By itself, ottu shavige is bland like rice and is eaten with side dishes. You will find it served with stew/gravy if you were in Kerala. In our house, it was usually variations of lemon shavige, tamarind shavige, pepper shavige for the savory fare while the sweet versions had payasa or jaggary-coconut chutney.
Anna had got the ottu shavige maker (a hand operated device) from Mangalore. The principle is same as the chakli/murukku maker where you put the cooked rice balls and turn the handle to get thin strands of noodles. Because of the size and shape of the device, making shavige is easier with it compared to using a small chakli/murukku maker. I do not own a shavige maker but make small quantities with my murukku maker for the 3 of us which turns out well. While I will blog about the real deal later, here is a quick fix to a bad craving when it strikes me.
It is a very simple recipe, the raw green chilies and lemon juice makes the dish taste unique. It is called hasi(raw) chutney shavige. Enjoy this authentic shavige variation with store bought rice noodles for breakfast or a light dinner.
What do you need to make lemony shavige?
1 packet of rice noodles (See notes) - I got a 6oz packet
1 big juicy lemon
2 Tblsp grated coconut (fresh or frozen)
3-4 green chilies (adjust according to your spice tolerance)
1 Tblsp salt (adjust to taste)
1 Tblsp cooking oil
1/2 Tsp asafoetida
1 Tsp mustard seeds
1 Tsp chana dal/kadle bele
1 Tsp urad dal/uddina bele
1 Tblsp peanuts
4-5 curry leaves
1 dry red chili broken into 2(optional)
How do you make lemony shavige?
- If the noodles you have are very long, break them in half so it fits snugly into the pot you use to cook it.
- Get about 5 cups of water in a sauce pan with 2 drops of oil and bring it to boil, add the noodles in, stir it once and let it boil for 3-4 minutes (See notes)
- Take the pot off the stove, drain the water, spread it in a wide bowl and let it cool.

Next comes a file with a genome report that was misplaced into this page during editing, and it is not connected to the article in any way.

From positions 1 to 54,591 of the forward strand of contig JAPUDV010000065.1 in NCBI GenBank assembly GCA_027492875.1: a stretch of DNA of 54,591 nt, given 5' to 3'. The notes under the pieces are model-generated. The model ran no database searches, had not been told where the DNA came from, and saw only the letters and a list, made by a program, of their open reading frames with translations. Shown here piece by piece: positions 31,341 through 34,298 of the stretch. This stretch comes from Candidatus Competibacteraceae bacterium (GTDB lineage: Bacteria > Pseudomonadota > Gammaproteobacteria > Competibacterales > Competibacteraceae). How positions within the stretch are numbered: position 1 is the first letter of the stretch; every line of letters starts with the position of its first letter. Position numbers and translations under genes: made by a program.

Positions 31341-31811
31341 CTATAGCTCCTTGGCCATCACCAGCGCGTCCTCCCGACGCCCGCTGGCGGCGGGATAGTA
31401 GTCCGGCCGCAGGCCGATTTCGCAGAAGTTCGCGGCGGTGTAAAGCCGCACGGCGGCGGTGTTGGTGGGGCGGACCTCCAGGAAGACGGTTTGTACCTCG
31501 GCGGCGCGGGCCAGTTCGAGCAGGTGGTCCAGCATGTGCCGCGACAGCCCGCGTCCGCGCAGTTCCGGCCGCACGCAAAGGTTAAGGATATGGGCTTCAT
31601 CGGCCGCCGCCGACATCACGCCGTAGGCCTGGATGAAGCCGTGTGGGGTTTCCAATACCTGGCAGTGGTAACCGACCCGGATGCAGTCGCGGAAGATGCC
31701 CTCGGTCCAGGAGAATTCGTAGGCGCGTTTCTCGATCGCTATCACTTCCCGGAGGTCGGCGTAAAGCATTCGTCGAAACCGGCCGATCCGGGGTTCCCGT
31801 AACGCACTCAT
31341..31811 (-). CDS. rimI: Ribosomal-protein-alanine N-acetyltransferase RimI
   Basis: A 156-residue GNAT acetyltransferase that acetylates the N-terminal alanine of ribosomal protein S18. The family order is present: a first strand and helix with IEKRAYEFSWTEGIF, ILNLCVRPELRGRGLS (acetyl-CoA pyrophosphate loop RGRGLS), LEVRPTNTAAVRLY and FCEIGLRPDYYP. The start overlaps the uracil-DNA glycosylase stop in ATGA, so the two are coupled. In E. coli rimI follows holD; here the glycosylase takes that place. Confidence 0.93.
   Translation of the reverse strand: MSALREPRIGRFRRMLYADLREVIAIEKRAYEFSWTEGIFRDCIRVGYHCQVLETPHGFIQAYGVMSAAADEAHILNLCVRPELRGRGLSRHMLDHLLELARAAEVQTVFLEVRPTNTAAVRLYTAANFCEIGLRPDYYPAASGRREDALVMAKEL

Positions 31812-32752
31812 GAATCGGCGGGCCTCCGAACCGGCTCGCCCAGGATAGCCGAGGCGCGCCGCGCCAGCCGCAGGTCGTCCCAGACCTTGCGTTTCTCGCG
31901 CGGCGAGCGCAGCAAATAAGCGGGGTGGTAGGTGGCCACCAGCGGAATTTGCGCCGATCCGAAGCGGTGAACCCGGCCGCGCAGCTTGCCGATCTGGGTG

- Take the coconut and green chilies to a blender or vegetable chopper and blend them into a rough, almost dry chutney. Do not use water, this chutney doesn't have to be smooth.
- Prepare vaggarane/seasoning: Heat oil in a pan, add mustard, red chilies, dals and peanut (if using), let mustard crackle and peanuts pop. Add curry leaves, asafoetida and switch off.
- Work with the cool, cooked noodles gently and break them into about 1-1/2 inch pieces. Take care not to mash the shavige.
- Add the chutney, lemon juice and salt along with the prepared seasoning to the cooked shavige and gently mix it in. Let it sit for atleast 15 minutes for the flavors to get absorbed.
- I do not use turmeric in this recipe as I love the light green color of the final product. You can use turmeric while preparing the seasoning if you like the yellow color.
- You can add a couple of twigs of cilantro while making the chutney for a cilantro flavor.
- Add cashew nuts to the seasoning instead of or in addition to peanuts.
- Get the thinnest available rice noodles (I have found good ones in Asian/Chinese stores here) and make the masala.
- Refer to the cooking instructions on the noodles packet. Since mine were all in Chinese which I don't read, I just went by experience on this one and checked to see if the shavige cooked soft before switching off.
- Be gentle while mixing the chutney as you want the noodle strands to stay intact.